“That failing – or apparent failing – together with others does suggest there was not a functioning CID unit in place at the time.”
Mr Ewing replied: “I accept there were errors that were made but I am struggling to see how that is a systemic failure which was part of my responsibility and statement of expectation.”
Henrietta Hill QC, representing families of the victims, questioned if there had been “visible, intrusive, supportive leadership”.
She highlighted a series of issues in the investigation that she said “did amount to serious mistakes on the Borough”.
They included failures in intelligence checks on Port; his laptop not being downloaded; no follow-up interview; and not referring the case back to homicide detectives.
'There were failures of leadership, failures to direct and support the investigation and failures to resource the borough-led investigation...'
Ms Hill said there were additional failures in not taking advice on GHB and not listening to Mr Walgate’s concerned family and friends.
She said: “Do you accept those failings on behalf of the Borough?”
Mr Ewing told jurors he had only learned about what had happened in his preparation for the inquest.
Ms Hill continued: “There were failures of leadership, failures to direct and support the investigation and failures to resource the borough-led investigation.”
Mr Ewing said support by the murder investigation team was directly determined by others and was “not something within my gift”.
The inquest heard how the investigation took place amid budget cuts and reduction in staffing numbers, with more officers acting up in senior positions.
But Mr Ewing insisted that Barking and Dagenham Borough CID unit remained generally “fit for purpose”.
Port, who was convicted of perverting the course of justice in relation to Mr Walgate, killed Daniel Whitworth, Gabriel Kovari and Jack Taylor before he was stopped.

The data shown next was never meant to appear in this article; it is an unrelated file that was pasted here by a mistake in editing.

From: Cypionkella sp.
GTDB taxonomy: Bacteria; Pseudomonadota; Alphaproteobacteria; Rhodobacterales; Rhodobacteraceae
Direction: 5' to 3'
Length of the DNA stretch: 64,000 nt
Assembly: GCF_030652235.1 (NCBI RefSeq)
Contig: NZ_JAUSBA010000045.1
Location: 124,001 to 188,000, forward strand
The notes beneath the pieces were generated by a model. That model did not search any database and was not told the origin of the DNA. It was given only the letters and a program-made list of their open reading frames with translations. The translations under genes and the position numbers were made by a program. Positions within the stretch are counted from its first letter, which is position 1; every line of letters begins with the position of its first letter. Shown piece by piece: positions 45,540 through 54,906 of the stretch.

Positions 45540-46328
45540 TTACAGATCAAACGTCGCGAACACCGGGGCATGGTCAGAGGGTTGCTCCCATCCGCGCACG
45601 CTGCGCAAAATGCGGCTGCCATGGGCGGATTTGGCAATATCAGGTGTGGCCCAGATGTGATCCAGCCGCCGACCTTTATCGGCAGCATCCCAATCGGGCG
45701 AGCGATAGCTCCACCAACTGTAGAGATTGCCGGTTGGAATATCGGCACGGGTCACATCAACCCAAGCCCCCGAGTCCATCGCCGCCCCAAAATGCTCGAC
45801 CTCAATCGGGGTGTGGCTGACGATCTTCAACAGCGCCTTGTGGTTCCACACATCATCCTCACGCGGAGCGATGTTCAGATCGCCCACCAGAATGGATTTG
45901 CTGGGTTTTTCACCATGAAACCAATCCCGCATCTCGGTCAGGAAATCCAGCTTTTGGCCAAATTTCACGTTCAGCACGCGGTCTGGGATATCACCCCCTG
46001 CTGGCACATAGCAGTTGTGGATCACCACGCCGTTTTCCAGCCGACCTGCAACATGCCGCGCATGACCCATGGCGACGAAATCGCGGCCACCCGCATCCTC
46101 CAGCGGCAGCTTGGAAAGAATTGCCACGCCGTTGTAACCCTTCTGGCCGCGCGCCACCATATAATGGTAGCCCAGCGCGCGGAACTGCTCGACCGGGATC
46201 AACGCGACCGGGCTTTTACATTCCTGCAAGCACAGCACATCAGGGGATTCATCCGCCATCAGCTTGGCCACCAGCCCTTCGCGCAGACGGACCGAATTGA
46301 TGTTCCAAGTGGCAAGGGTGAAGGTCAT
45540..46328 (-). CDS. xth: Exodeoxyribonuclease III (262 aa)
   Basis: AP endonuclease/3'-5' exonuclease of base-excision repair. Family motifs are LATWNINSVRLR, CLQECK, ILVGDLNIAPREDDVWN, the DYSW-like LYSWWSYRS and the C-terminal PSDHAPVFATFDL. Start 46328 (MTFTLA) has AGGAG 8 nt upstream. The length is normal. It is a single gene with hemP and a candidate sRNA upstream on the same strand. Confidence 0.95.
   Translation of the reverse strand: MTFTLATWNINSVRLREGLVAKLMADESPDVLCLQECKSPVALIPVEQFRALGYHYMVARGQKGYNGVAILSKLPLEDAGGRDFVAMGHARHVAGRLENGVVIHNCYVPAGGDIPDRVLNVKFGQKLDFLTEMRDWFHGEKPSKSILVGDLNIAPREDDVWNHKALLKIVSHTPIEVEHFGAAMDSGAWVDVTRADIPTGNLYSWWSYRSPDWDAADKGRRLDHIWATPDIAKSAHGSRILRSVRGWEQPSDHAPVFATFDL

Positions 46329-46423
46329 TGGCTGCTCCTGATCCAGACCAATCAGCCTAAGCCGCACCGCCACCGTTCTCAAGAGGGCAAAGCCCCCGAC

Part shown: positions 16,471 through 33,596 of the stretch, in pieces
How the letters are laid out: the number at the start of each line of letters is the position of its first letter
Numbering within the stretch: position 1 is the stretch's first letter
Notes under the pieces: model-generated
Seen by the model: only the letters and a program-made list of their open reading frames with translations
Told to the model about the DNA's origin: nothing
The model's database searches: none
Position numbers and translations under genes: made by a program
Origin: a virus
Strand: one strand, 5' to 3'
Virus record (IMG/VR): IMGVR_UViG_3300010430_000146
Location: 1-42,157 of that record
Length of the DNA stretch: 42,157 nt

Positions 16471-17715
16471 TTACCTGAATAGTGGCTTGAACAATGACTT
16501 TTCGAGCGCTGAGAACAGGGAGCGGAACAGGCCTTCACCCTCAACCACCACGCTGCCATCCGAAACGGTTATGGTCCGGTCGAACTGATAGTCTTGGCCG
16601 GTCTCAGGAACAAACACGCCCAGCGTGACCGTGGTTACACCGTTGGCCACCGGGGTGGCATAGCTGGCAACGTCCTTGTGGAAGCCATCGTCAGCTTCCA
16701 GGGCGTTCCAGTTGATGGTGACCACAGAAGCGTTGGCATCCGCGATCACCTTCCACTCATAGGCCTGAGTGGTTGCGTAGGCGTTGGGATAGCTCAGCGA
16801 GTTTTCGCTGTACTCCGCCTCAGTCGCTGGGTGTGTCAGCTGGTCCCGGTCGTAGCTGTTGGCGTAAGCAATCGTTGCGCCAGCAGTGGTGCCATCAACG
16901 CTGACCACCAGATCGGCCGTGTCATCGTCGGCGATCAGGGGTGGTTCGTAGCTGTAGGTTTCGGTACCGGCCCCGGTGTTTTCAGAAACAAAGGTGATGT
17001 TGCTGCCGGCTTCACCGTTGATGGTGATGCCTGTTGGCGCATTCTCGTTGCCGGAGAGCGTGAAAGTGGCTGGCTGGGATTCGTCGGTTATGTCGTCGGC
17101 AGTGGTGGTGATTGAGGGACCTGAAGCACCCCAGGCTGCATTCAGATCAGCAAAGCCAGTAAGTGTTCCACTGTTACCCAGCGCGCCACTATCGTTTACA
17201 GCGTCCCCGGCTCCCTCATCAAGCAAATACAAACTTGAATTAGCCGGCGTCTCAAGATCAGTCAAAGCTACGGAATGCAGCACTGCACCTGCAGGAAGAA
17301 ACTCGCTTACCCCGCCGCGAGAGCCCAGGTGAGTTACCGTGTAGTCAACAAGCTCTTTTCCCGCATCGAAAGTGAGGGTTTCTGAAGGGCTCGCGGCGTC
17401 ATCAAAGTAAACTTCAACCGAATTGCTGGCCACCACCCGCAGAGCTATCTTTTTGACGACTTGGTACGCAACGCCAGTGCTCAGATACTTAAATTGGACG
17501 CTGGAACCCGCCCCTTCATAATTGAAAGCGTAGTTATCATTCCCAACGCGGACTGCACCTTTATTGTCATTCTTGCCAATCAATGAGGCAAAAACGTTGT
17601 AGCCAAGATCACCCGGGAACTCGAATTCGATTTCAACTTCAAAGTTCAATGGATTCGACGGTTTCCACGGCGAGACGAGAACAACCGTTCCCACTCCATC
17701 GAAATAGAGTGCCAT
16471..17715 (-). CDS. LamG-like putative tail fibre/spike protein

Dr Anton van Dellen, who represents Mr Whitworth’s partner, asked: “Do you, as the most senior officer on Borough at the time, accept any personal responsibility for those string of failings?”
Mr Ewing said: “Having reflected on this for many years and having looked at the material available to me, I believed the actions I took at the time were appropriate.”
The inquests at Barking Town Hall continue.
The inquests are examining potential failures in the police investigation and whether any of the deaths could have been avoided.
In 2016, Port was handed a whole life term at the Old Bailey after being found guilty of the murders.
Following the murder of Anthony Walgate in June 2014, the so called 'Grindr-killer' would go on to kill 21-year-old Daniel Whitworth, as well as Gabriel Kovari, 22, and Jack Taylor, 25, during a 16-month period between June 2014 and September 2015.
Former Dartford Grammar student Daniel was killed by Port in 2014 after they met via the gay dating app Grindr.
Earlier in the hearing, Daniel's family paid tribute to their "pride and joy" and spoke of their pain over his death being treated as suicide.
After leaving school, Daniel attended Denton College in Gravesend, where he trained to become a chef.